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Music industry groups pen open letter to save BBC introducing

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A group of live music industry representatives, including Music Venue Trust, have penned an open letter to Richard Sharp, Chair of the BBC Board, asking for “urgent assurance” for the protection of BBC Introducing.

It come as cuts to local BBC radio stations threaten to put much of BBC Introducing – which spotlights up-and-coming musical talent in local areas – at risk of reductions and cancellations to the service, as reported by NME.

The letter is signed by the likes of Mark Davyd of Music Venue Trust, Dave Keighley of Production Services Association, Nathan Clark of the Association of Independent Promoters, Silvia Montello of the Association of Independent Music, among others.

Posted on Twitter, it reads: “We are writing to you as a group of organisations that represent key stakeholders in the live music industry.

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“We are writing to you today to express our grave concerns about the current uncertainty surrounding the future of BBC Introducing, the network of programming across the country, which throws a spotlight on local and regional artists, venues, communities and music,” in continues.

“We want to impress on you very strongly that this would be a fundamental blow to the health of the entire grassroots sector. BBC Introducing has been essential in providing access routes into the industry, with local and regional opportunities available right across the country.

“Please can we have your urgent assurance that you and the BBC Board understand the vital role of BBC Introducing. We would like to hear how you plan to protect it for the future, and would welcome the opportunity to discuss with you how it can be developed, enhanced and improved to achieve even more for the communities it serves.”

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Matt Griffiths, the CEO of charity Youth Music, which aims to provide greater access to music for young people, told Mixmag that the loss of BBC Introducing would make it harder for to enter the music industry.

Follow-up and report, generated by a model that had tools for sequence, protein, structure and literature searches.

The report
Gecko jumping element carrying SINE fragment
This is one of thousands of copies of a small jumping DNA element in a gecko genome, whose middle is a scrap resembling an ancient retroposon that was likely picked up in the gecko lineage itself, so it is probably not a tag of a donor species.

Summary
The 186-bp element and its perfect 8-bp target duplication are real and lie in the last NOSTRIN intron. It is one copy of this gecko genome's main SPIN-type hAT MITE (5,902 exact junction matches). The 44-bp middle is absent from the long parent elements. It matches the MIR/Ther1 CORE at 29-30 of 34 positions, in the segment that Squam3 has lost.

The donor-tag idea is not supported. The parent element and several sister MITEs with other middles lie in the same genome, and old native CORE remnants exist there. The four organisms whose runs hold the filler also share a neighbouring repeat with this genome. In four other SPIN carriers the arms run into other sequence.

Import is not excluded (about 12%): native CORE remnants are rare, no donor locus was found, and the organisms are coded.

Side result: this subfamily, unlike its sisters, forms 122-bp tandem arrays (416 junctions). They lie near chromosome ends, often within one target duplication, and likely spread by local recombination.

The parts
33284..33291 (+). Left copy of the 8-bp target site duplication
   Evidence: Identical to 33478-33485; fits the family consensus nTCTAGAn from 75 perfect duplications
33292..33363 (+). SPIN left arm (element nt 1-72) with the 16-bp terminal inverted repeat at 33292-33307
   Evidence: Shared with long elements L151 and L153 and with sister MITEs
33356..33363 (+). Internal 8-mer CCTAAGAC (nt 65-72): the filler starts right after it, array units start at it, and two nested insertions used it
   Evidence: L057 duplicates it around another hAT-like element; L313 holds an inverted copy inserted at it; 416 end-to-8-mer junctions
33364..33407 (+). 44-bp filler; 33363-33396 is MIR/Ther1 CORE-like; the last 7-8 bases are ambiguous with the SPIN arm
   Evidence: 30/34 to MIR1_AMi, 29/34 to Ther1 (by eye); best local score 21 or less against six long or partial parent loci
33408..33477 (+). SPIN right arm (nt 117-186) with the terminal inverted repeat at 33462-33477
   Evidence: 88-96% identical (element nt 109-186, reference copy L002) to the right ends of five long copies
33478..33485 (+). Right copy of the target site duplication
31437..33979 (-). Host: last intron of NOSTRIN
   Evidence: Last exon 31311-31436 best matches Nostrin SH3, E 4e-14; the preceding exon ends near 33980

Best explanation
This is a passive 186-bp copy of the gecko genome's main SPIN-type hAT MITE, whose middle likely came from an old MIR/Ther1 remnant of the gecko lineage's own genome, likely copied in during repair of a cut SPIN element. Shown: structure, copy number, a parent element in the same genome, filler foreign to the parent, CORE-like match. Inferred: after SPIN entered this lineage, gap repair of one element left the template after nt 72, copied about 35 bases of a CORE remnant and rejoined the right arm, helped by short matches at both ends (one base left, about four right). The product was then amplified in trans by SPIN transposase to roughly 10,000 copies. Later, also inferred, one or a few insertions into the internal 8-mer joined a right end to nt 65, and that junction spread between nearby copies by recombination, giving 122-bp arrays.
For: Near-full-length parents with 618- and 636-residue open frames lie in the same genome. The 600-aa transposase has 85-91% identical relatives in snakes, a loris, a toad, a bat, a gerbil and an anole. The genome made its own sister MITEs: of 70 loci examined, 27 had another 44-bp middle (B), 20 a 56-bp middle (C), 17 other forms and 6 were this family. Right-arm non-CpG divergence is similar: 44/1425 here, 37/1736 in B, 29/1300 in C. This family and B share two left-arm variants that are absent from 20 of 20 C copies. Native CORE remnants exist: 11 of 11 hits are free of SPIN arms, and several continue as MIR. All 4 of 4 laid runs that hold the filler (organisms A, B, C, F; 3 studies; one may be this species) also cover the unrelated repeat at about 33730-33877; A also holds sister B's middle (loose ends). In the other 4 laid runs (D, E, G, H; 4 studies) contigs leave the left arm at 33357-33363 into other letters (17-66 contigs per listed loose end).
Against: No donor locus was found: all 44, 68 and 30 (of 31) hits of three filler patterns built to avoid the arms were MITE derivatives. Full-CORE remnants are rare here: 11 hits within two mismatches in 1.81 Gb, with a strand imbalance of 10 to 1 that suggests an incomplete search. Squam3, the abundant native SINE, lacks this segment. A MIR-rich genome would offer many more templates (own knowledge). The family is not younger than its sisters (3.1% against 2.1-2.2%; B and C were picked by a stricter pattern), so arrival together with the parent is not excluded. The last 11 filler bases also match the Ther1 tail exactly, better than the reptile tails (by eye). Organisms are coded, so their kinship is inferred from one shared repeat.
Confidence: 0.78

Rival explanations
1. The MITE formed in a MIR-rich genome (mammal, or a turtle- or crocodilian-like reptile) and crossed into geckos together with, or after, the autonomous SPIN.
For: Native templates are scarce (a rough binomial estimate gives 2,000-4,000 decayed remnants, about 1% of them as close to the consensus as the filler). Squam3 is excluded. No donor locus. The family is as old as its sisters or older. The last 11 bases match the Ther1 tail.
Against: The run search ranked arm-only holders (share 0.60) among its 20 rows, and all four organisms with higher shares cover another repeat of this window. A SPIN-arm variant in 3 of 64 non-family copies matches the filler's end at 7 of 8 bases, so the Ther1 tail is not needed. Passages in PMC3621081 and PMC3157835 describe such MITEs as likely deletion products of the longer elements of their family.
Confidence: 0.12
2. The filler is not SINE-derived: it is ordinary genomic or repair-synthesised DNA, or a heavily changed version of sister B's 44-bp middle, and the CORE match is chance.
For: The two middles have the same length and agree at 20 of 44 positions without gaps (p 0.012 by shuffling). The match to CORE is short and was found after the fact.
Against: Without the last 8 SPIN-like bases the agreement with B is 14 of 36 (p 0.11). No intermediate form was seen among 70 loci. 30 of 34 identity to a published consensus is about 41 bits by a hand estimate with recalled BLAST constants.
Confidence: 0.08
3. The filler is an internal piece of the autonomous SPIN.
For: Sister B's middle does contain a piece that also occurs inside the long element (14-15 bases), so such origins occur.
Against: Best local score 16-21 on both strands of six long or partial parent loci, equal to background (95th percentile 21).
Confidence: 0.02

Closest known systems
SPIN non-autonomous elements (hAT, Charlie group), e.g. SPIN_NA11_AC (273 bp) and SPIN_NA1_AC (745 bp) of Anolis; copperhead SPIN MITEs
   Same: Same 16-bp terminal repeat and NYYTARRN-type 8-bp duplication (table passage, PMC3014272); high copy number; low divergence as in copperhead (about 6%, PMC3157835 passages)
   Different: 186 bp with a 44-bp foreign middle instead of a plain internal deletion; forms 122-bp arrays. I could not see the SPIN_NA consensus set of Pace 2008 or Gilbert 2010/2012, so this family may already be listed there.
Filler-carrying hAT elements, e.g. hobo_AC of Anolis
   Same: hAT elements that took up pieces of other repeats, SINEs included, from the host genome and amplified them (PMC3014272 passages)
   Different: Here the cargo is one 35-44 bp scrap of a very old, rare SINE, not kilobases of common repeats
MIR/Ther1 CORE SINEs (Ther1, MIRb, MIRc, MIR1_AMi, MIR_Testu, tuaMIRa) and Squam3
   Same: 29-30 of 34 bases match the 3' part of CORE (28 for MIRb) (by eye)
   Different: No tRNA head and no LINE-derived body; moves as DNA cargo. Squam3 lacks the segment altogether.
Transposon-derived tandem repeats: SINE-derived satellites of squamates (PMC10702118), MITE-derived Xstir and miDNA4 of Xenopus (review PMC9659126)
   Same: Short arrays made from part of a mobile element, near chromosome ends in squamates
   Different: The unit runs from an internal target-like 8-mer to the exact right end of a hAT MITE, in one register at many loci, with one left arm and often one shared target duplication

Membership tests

He said: “It’s incredibly disheartening to hear about significant proposed changes to the BBC Introducing programming across local radio stations.

“Like Youth Music, BBC Introducing helps equalise access to the music industries across the UK. It’s a crucial part of the British grassroots music infrastructure. By removing this vital platform, they are removing the opportunity for diverse young voices to be heard, many of whom develop their talent further by applying for the Youth Music NextGen Fund. To lose this at such scale would set the industry back a long way.

“We are pleased to see 2022 Youth Music Awards ‘Rising Star’ winners, English Teacher taking a stand against the news and we implore the BBC to rethink their plans. Let’s instead continue to make music more accessible with a concerted regional approach to nurturing young talent.”

In an interview with popjustice for its newsletter, 6 Music DJ Tom Robinson explained that BBC Introducing is a key platform for musicians

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“Artists can now make master-quality recordings on a blooming iPad, upload it to their local show, and if it’s great, they’ll play it,” Robinson said. “It puts creators directly in touch with consumers – just like TikTok.

“But the big advantage of BBC Introducing over TikTok is that the audience you build is local,” he continued. “Airplay on your local show helps you get local gigs – and people along to them.”

Last Friday (January 13), Emily Pilbeam, the presenter for West Yorkshire’s BBC Introducing show revealed that her show could be under threat. She wrote on Twitter: “there are some proposed changed to @bbcintroducing which means my west yorkshire show could be no more.”

The countrywide BBC Introducing service consists for 32 shows on radio stations across England and the Channel Islands, (via freshonthenet), which coincide with programmes in Scotland, Northern Ireland and Wales as well as national BBC station networks BBC1, 6 Music, 1Xtra and Asian Network.

Last year (November 2022), Nia Archives was the first electronic music artist to be named BBC Music Introducing’s Artist of the Year.

Isaac Muk is Mixmag’s Digital Intern, follow him on Twitter

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Written by: Tim Hopkins

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